Inflation rate rises again in September

Inflation came in at 0.0% in July, prompting President Biden to tweet:

Alas, in August it ticked up to 0.1%, although some of Minnesota’s media still tried to tell you it had either “slowed” or even “fallen.”

And, in September inflation was up again. The Bureau of Labor Statistics (BLS) reported:

The Consumer Price Index for All Urban Consumers (CPI-U) rose 0.4 percent in September on a seasonally adjusted basis after rising 0.1 percent in August…Over the last 12 months, the all items index increased 8.2 percent before seasonal adjustment.

The BLS noted:

Increases in the shelter, food, and medical care indexes were the largest of many contributors to the monthly seasonally adjusted all items increase. These increases were partly offset by a 4.9-percent decline in the gasoline index.

Food and energy prices are sometimes said to be more ‘volatile’ than other prices so there is a measure of ‘core’ inflation which strips these out. The BLS reports:

The index for all items less food and energy rose 6.6 percent over the past 12 months, the largest 12-month increase in that index since August 1982.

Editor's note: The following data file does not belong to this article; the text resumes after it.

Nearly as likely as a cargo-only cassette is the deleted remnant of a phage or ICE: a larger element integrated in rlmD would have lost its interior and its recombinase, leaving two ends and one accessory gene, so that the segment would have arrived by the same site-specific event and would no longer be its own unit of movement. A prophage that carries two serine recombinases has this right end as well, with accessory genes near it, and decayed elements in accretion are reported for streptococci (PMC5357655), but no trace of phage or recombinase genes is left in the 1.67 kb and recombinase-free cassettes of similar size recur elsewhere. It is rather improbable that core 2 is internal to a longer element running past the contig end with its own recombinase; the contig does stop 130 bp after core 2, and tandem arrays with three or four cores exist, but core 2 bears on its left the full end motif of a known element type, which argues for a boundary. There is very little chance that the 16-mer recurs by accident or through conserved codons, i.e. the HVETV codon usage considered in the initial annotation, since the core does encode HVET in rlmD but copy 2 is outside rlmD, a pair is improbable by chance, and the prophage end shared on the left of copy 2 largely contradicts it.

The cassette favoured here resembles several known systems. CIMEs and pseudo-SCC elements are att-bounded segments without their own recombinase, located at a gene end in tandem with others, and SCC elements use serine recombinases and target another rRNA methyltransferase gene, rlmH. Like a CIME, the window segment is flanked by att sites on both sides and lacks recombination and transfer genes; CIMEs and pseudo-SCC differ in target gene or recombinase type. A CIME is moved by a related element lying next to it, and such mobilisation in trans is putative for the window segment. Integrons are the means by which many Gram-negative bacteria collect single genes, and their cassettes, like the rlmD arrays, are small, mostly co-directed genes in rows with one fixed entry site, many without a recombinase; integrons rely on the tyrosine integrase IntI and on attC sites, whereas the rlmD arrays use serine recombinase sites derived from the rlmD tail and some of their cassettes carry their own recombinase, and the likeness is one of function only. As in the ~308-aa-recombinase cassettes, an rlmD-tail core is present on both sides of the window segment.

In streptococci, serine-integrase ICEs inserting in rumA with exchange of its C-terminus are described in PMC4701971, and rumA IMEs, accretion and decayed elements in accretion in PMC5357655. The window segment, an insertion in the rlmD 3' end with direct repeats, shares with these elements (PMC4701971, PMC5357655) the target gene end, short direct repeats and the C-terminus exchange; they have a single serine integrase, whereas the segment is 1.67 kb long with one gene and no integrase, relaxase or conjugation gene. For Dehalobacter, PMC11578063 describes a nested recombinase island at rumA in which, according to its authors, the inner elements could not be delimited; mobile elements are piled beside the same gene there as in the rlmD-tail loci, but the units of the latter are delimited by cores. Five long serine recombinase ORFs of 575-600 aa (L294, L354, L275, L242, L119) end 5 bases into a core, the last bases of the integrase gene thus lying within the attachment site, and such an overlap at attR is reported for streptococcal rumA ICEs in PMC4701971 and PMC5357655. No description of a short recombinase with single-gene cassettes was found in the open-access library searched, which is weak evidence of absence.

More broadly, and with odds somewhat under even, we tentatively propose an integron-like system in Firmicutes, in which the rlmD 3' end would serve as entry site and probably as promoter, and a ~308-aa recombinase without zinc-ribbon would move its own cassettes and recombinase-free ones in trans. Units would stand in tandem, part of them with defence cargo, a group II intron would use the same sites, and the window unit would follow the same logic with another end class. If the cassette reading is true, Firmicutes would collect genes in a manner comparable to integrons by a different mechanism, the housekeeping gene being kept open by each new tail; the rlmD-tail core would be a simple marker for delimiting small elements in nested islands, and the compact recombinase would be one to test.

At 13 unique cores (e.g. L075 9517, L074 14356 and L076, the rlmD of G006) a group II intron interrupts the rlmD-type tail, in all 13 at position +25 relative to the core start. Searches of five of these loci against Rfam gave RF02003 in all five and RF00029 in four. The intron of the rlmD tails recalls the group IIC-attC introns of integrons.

Data on Real Earnings, released by the BLS on the same day, showed the impact this inflation is having on ordinary Americans:

Real average hourly earnings for all employees decreased 0.1 percent from August to September, seasonally adjusted…This result stems from an increase of 0.3 percent in average hourly earnings combined with an increase of 0.4 percent in the Consumer Price Index for All Urban Consumers (CPI-U).


Real average hourly earnings decreased 3.0 percent, seasonally adjusted, from September 2021 to September 2022.

Price increases outstripping wage increases to leave Americans worse off might sound like bad economic not news. Not so, according to President Biden, who described the economy as “strong as hell”

And all of this economic pain is for a good cause, as White House spokesperson Karine Jean-Pierre explained:

Falling incomes are a small price to pay for more ‘equity’.